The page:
Smith v. State

Annotate this Case

527 S.W.2d 737 (1975)

Ronald Russell SMITH and William Raymond Beard, Jr., Petitioners, v. STATE of Tennessee, Respondent.

Supreme Court of Tennessee.

September 2, 1975.

George M. Derryberry, L. Hale Hamilton, William C. Carriger, Chattanooga, for petitioners.

R.A. Ashley, Jr., Atty. Gen., Bart Durham, Asst. Atty. Gen., Nashville, for respondent.


FONES, Chief Justice.

Ronald Russell Smith and William Raymond Beard, Jr., were convicted upon a joint trial for armed robbery. Both men received sentences of twenty-five (25) years in the state penitentiary which were upheld by the Court of Criminal Appeals. Judge W. Wayne Oliver dissented from that court's denial of the defendants' petitions to rehear. We granted certiorari and have heard oral argument limited to the issues of whether the closing argument of the assistant district attorney general was improper, and if so, was it prejudicial.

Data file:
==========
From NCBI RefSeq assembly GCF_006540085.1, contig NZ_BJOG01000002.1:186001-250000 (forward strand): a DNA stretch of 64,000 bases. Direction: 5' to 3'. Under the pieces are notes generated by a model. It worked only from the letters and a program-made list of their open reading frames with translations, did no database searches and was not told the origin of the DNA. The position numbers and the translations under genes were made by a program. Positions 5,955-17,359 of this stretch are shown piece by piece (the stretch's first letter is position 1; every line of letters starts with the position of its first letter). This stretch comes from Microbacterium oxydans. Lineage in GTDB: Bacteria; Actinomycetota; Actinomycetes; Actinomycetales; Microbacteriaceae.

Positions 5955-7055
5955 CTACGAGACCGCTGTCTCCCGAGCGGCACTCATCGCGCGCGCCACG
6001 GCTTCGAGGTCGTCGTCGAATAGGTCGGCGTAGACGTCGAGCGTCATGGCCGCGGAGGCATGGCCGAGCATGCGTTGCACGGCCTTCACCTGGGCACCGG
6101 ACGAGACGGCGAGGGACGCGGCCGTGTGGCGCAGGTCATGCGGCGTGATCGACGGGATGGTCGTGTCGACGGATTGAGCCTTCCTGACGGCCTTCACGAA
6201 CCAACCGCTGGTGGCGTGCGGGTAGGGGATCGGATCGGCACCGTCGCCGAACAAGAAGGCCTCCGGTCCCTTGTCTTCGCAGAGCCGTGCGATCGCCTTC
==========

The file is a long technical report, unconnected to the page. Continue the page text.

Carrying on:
Defendants' petitions to rehear filed in the Court of Criminal Appeals were grounded upon the unreported decision of another panel of that court captioned Alex Biles, Jr. v. State of Tennessee, No. 358 (opinion filed November 6, 1973). The same prosecutor and trial judge that were involved in the Biles case took part in the instant case. In Biles, Presiding Judge Mark A. Walker found the prosecutor's closing argument to be patently improper. We cannot help but note the striking similarity between the argument condemned in Biles and that which is now before us.